What are some of the big challenges that you see coming?

Regulation. To give you an example, in Europe, we have this regulation called MiCA. Though it is needed, I want to make sure regulators don't miss the other sides of the technology. We don’t want them to overregulate so they kill innovation in the other areas where blockchain technologies can bring real value.

Is there a case study that validates the work that you’re doing?

Not all blockchain technologies are equal. The best example I can provide is the approach that we took with the SEC in the U.S. We were the only ones to come to the SEC and work with them and stay on the right side of the law. We sought to hedge against ending up in a situation where they come afterward and try to enforce. Over the long term, this has value because you're sitting on the right side of the law, which is what we want to do. We want to participate in the definition of what a proper framework looks like.

What are you most excited about in 2023 and beyond?

From a pure technology perspective, there have been lots of achievements on our blockchain Polkadot DOT/USD. The new governance model is very important. It decentralizes, completely, the governance of the blockchain, and gives back to the token owners real power to influence the project. There's tons of innovation in terms of new cryptographic algorithms to make the network even more secure, as well. Also, we see a lot of traction from developers.

How do you make what you’re doing relatable?

Web 1.0 is read-only. At one point, we were only able to read content on static web pages. No interactions. Then came Web 2.0. Here you had the ability to read and write. Think Facebook and Alphabet Inc-owned GOOGL GOOG Google. You had the ability to upload and contribute your own content. Web 3.0 is read, write, and own. You are able to own from two angles. First, you own the data and have the incentive to share it. Second, through the use of tokens, you’re able to transfer value in a seamless way. You have a way to exchange value either when you contribute with your data, or the system you’re contributing to wants to reward you.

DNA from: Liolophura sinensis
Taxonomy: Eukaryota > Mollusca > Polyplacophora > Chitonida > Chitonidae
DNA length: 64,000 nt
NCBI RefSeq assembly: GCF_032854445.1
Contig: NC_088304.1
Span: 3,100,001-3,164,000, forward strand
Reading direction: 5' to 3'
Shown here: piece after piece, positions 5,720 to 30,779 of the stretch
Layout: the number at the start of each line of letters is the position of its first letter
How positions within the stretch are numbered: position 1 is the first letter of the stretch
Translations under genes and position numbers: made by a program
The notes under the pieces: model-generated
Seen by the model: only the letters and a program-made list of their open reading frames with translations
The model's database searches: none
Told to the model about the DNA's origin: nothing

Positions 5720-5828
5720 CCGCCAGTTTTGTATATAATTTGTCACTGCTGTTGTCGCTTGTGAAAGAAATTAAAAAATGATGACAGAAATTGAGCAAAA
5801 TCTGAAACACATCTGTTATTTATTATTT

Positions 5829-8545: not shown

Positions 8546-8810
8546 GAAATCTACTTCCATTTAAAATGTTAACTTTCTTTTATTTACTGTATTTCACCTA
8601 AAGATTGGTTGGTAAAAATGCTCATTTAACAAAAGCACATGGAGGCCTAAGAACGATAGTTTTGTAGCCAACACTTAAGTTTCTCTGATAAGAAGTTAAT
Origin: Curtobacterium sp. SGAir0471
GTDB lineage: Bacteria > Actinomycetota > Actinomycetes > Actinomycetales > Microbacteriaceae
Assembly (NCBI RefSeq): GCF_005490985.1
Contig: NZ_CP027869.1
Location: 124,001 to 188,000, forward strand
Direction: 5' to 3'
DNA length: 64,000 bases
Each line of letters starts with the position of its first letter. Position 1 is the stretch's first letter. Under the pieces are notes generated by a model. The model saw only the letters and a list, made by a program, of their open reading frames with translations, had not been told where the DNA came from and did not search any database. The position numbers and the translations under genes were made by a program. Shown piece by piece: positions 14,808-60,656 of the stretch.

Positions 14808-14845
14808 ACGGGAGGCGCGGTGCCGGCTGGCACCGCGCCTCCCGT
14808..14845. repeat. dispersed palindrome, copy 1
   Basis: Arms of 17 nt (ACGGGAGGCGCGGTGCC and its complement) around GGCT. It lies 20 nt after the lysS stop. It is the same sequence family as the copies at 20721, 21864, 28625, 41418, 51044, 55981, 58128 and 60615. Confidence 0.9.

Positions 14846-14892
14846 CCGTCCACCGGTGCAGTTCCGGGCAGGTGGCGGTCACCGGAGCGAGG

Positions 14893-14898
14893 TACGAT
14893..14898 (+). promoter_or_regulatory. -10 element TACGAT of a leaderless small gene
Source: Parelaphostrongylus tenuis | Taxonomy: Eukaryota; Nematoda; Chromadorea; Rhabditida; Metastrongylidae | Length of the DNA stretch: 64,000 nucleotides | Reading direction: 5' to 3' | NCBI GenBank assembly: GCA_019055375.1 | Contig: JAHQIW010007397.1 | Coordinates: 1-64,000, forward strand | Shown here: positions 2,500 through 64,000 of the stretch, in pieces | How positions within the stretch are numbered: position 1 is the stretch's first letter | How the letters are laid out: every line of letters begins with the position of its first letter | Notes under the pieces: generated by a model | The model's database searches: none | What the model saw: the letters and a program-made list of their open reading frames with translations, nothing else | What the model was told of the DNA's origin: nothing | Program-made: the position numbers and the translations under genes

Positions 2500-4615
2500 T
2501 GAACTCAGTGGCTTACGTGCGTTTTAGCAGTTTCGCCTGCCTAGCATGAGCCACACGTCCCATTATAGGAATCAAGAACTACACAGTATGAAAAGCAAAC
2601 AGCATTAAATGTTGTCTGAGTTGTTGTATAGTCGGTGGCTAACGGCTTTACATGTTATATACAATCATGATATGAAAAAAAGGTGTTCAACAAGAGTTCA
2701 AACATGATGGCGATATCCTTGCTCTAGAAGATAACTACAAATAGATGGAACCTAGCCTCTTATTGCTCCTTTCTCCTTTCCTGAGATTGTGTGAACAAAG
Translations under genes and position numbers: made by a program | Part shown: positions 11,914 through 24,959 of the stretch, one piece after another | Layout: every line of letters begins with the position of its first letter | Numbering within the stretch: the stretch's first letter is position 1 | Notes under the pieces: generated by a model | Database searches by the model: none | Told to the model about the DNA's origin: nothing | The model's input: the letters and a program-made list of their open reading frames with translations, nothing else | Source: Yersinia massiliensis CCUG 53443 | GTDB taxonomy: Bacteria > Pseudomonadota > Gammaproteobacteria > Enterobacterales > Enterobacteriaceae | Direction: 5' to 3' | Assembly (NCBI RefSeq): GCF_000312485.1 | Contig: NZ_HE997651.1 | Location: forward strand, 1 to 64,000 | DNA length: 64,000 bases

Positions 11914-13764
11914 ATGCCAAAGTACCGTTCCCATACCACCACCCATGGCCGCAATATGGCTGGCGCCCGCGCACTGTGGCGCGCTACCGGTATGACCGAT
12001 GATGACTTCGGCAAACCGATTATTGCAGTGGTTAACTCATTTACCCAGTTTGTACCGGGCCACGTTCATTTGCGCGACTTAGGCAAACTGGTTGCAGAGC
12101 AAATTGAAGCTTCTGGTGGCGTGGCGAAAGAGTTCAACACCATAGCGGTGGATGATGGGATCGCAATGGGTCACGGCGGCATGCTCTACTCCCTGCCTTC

What about making Web 3.0 less cumbersome to use?

Using our technologies, you can build services for end users that don't know they're using a Web 3.0 platform. Developers can create applications using our technology and, then, distribute an app for mobile phones. Users can interact with this app without having to purchase any tokens. The use of tokens is done in the background between the application developer, the service developer, and the platform. It's completely transparent for end users, and that's also a way to kind of start to have traction and interaction from people with Web 3.0 services. They start getting the value of Web 3.0 without having to deal with hardware wallets and all the other kinds of things that seem complicated for regular people. Thanks to our services, they can still use the services without having that burden.